Pretty much a carnival atmosphere prevailed, with singing, prayer, skits, criticisms of the government and interminable speeches. Hundreds of Bersih adherents crowded downtown restaurants and bars, turning the event into a largely happy one. Events continued into the early hours of August 30, with thousands of people sleeping in the streets and wakening to aerobics and calisthenics workouts to resume the previous day’s crusade to oust the Prime Minister.

Nonetheless, “Malays think Bersih is entirely the [Chinese-dominated Democratic Action Party],” said a Malay lawyer in an interview. Pro-UMNO bloggers repeated the theme, saying the event was actually a DAP action to attempt to wrest political power from ethnic Malays.

Bersih organizers disputed the claim, saying there was adequate participation by ethnic Malays.  “I was there,” Sidhu said. “There were many Malays but you know what, I didn’t even think about it as I am colorblind. But look at the prayer sessions [in local mosques], the gathering at the National Mosque….who were these? Chinese Buddhists or Indian Hindus?”

However, their absence was clear.  The first Bersih rallies drew a majority of ethnic Malays although subsequent rallies have seen Malay participation drop off.  The first Bersih rally in 2007 to rally for campaign reform was composed of 80 percent Malays and 20 percent other minorities. The ratio fell to 60 percent Malays in the second Bersih march and to 50-50 in the third.

The drop-off is regarded as due to the split in Parti Islam se-Malaysia, the rural-based fundamentalist Islamic party, which left the three-party opposition Pakatan Rakyat coalition earlier this year over the refusal of the Chinese-dominated Democratic Action Party and the moderate urban Parti Keadilan Rakyat to agree to the implementation of hudud, or seventh-century religious punishments including stoning of adulterers and amputation of limbs of thieves, in Kelantan, the only state that PAS governs.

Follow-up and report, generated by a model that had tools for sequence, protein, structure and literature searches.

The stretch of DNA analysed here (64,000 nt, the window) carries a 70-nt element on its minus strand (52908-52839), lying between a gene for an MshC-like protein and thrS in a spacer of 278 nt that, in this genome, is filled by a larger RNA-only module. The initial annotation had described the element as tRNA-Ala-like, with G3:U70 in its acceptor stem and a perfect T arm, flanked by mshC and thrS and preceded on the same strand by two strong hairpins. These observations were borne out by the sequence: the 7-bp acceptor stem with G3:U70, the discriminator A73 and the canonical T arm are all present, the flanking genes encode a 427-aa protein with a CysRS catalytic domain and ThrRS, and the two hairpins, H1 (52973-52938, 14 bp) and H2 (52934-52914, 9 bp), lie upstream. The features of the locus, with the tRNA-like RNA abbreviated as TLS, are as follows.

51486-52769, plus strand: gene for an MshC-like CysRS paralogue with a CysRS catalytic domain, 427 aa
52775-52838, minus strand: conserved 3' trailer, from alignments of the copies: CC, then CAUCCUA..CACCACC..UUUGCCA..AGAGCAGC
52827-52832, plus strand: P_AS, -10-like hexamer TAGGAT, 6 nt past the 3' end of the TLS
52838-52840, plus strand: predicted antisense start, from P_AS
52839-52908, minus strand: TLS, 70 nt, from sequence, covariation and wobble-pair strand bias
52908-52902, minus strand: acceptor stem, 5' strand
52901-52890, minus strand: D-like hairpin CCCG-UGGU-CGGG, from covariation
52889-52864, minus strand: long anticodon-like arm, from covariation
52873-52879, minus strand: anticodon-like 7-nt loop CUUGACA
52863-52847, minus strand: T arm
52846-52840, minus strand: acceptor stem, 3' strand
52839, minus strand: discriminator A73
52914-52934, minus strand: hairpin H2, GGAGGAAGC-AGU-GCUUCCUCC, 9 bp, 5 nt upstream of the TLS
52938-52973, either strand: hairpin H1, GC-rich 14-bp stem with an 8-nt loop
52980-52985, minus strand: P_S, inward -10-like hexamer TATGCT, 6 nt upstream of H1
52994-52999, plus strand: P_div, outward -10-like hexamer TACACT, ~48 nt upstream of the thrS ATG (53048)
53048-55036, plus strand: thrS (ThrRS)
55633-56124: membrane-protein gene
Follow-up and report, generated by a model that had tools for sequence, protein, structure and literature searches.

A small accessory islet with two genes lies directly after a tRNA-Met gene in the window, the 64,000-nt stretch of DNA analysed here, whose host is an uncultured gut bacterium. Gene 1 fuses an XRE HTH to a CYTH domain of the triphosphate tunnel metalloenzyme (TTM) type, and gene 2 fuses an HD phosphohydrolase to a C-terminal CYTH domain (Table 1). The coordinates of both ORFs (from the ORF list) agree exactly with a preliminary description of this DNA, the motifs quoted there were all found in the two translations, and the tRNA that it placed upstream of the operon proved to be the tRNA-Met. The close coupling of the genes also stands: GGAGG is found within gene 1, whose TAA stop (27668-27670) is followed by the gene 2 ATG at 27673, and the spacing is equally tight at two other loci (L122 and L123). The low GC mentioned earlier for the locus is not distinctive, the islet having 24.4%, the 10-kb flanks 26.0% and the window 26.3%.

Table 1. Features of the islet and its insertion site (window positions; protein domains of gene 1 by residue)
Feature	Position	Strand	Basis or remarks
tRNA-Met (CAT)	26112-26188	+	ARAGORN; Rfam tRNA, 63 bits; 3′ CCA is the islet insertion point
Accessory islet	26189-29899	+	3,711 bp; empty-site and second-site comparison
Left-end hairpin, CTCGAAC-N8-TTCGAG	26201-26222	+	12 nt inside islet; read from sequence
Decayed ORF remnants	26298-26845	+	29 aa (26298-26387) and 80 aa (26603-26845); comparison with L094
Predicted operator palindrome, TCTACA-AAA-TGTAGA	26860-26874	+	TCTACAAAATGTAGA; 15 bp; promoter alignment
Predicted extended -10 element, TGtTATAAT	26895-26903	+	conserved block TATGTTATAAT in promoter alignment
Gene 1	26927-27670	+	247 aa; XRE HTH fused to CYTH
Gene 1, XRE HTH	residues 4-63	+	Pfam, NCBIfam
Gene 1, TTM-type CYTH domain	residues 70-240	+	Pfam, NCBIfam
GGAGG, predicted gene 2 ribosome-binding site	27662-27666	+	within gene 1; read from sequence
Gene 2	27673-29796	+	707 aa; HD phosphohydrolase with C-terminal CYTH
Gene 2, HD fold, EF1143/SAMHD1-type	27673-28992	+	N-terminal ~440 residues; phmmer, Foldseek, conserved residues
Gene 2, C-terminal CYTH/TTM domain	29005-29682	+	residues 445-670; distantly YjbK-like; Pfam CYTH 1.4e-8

At previous Bersih rallies, PAS provided healthy organizational skills and money to round-up rural Malays and bus them to Kuala Lumpur to join in the protests.  Ominously for the opposition, the lack of ethnic Malays meant that neither Parti Keadilan nor Gerakan Harapa Baru, composed of the moderates who quit PAS to remain in the opposition coalition, had the star power or the organizational abilities to get large numbers of ethnic Malays to the rally.  If they are to come together as a cohesive force to contest the next general election to be held in 2018 at the latest, the development considerable organizational skills are going to be necessary.

Former Prime Minister Mahathir Mohamad, who has been attempting to oust Najib from office for months, sought to bolster the impression of Malay support for the event by showing up on Aug. 30 in the evening with his 89-year-old wife, Siti Hasmah Mohd Ali, to see and be seen, although he stayed only a short time and left. He returned, however, on Aug. 30 to renew his call for Najib to go.